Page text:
BERLIN (Reuters) - Germany’s parliamentary budget committee on Wednesday backed plans by the military to lease Israeli-built Heron-TP surveillance drones in a deal valued at around 1 billion euros ($1.18 billion), committee sources said.
The deal had run into resistance last year from the center-left Social Democrats (SPD), junior partners in Chancellor Angela Merkel’s grand coalition, because the drones could be armed in the future.
The German military currently uses a different model of Heron drones that cannot be armed.
Merkel’s conservatives and the SPD agreed in a new coalition accord in February to lease the drones, built by Israel Aerospace Industries, through 2027, but to defer a decision on any future arming until after parliament had debated the issue.
The plans includes two separate contracts - one with Airbus , which will manage the drone program, and one with the Israeli government to cover training, infrastructure and logistics for the planes, which will be stationed in Israel.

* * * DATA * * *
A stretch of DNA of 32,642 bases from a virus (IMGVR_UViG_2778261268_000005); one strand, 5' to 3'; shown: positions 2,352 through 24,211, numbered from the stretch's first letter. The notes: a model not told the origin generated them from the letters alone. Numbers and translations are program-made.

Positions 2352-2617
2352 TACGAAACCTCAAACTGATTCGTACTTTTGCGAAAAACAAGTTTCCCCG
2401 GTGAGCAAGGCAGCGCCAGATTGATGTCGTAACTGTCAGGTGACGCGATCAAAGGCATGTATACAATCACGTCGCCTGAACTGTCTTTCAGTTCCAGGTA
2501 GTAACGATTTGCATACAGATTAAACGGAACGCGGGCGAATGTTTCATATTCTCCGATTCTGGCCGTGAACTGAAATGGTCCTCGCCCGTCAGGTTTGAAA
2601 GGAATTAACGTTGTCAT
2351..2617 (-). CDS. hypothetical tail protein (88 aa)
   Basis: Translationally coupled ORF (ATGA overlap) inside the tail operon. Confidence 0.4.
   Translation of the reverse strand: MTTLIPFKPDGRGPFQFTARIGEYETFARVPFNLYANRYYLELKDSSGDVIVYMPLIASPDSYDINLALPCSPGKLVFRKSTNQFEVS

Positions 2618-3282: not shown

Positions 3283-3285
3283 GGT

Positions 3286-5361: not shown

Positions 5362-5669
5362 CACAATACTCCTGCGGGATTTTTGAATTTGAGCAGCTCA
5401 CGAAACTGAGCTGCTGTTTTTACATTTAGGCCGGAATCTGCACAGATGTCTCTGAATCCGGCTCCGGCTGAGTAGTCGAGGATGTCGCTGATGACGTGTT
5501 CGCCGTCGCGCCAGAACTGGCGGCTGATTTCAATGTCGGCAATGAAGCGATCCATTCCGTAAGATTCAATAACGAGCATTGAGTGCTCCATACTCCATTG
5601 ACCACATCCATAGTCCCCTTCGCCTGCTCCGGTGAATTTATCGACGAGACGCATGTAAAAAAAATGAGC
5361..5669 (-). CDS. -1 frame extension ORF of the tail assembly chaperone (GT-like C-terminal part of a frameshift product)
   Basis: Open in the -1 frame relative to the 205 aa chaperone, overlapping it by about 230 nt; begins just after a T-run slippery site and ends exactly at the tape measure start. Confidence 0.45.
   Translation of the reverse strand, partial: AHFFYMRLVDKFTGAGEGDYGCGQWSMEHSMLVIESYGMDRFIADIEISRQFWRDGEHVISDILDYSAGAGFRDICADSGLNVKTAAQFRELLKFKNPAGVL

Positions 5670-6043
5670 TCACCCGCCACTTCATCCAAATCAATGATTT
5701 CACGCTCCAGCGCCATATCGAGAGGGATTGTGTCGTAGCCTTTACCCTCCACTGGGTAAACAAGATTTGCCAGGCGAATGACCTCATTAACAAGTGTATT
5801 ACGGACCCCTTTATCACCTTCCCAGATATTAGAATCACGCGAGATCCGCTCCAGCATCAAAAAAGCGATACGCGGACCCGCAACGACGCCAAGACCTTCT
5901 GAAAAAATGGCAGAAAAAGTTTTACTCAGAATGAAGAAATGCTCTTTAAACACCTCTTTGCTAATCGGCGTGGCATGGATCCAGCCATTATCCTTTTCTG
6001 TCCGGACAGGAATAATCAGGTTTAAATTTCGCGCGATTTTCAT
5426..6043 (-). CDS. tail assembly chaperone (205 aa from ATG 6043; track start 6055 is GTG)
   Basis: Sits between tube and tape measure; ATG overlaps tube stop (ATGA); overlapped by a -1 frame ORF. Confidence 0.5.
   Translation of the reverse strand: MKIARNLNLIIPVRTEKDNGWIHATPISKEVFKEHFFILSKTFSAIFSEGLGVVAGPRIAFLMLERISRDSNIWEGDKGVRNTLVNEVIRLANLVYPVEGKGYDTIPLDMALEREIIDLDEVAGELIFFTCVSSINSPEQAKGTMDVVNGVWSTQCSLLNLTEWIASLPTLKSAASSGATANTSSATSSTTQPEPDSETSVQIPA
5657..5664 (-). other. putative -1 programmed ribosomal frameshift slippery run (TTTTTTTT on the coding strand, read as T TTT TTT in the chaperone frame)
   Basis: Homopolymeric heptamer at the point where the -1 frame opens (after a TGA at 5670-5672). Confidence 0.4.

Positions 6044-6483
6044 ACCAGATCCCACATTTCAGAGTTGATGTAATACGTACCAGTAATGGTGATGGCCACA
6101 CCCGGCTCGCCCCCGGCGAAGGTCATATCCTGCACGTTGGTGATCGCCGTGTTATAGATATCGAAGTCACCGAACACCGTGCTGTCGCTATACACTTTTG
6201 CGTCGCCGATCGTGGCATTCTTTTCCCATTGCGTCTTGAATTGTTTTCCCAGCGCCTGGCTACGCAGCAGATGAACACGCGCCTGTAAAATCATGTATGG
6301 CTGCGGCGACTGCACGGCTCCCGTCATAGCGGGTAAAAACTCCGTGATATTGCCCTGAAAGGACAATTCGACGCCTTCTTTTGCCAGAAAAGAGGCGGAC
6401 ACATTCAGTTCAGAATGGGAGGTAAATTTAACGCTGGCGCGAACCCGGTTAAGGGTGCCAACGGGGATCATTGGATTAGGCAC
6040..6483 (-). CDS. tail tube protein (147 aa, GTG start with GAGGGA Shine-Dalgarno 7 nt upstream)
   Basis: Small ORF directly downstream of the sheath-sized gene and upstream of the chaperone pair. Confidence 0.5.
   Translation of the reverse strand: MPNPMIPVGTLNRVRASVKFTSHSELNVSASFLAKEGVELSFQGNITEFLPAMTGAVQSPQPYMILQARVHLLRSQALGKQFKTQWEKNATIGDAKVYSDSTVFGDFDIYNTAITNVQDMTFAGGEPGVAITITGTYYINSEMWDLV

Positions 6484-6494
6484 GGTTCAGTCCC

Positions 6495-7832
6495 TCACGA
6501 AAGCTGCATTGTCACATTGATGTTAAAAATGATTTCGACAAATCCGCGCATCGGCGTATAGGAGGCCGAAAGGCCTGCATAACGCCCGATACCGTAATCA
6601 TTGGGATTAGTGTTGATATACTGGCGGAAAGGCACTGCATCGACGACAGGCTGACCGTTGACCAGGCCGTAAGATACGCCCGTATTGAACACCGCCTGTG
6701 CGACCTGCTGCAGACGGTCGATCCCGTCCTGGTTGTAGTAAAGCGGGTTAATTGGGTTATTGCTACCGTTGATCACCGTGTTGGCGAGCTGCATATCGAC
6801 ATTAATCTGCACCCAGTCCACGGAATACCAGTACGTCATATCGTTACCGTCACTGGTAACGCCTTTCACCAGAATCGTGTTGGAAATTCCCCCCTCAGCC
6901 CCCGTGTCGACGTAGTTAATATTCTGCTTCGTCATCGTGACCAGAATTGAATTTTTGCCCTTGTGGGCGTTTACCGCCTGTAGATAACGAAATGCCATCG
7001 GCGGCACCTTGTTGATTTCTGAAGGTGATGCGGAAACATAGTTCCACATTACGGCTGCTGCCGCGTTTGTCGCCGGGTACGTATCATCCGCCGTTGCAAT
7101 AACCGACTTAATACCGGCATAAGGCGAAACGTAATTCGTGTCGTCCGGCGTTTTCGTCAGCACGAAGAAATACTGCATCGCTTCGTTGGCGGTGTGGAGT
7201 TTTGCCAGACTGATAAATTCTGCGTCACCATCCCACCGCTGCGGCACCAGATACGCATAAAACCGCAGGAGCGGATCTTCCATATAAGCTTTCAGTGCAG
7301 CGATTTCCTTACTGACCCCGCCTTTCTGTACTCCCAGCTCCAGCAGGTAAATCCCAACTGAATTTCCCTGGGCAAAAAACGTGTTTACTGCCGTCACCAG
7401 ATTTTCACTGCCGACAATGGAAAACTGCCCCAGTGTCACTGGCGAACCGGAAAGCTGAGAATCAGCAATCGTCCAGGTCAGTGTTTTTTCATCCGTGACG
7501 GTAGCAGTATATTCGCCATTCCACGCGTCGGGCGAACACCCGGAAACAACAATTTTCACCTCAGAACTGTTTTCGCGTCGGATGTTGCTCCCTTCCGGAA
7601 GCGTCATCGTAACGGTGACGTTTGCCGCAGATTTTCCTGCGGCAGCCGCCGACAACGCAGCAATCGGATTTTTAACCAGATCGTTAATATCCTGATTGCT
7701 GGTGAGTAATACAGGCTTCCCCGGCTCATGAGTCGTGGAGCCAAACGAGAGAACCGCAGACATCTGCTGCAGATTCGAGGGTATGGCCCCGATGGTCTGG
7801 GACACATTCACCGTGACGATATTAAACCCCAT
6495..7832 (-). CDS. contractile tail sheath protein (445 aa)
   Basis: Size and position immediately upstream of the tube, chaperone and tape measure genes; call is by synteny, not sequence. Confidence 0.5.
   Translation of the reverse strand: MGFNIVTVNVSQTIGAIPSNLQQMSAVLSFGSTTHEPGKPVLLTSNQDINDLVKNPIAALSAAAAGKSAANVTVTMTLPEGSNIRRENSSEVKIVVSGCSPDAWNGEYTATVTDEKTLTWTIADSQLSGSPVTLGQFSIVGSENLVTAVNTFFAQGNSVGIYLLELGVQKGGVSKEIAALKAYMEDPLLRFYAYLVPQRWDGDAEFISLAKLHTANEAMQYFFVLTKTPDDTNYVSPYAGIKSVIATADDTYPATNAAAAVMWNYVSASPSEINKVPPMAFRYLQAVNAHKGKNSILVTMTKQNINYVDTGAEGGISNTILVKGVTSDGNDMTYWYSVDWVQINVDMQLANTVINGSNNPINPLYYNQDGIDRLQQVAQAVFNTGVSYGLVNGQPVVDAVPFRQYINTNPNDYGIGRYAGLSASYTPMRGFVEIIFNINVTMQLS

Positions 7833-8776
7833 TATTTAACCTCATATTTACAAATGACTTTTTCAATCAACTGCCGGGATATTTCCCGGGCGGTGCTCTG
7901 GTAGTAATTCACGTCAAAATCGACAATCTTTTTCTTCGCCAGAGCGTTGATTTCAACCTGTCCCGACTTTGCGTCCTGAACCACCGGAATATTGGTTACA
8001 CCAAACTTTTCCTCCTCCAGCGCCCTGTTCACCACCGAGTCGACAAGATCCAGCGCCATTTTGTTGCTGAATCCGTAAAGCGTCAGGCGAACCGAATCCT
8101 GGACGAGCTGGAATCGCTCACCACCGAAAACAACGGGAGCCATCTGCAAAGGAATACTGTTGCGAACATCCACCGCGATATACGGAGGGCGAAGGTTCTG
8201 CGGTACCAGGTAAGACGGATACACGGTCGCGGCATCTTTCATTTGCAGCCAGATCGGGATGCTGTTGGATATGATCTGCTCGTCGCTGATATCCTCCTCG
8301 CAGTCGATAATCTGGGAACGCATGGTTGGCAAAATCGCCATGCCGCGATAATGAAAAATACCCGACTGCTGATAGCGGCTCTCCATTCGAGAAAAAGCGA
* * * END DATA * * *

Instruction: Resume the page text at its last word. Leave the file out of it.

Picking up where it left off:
The leasing program is intended as a temporary solution until a European drone is ready for use around 2025.
Lieutenant General Ingo Gerhartz, chief of staff of the German air force, said the deal would allow significantly better protection of German troops.
The Greens party voted against the plan, saying that 50 million euros of the contract were already earmarked for a technical preparation for future use with weapons.
“The big promised debate about the arming of the drones is a farce given what’s already included in this contract,” said Greens lawmaker Tobias Lindner, a member of the budget committee.
Reporting by Sabine Siebold; Writing by Andrea Shalal; editing by John Stonestreet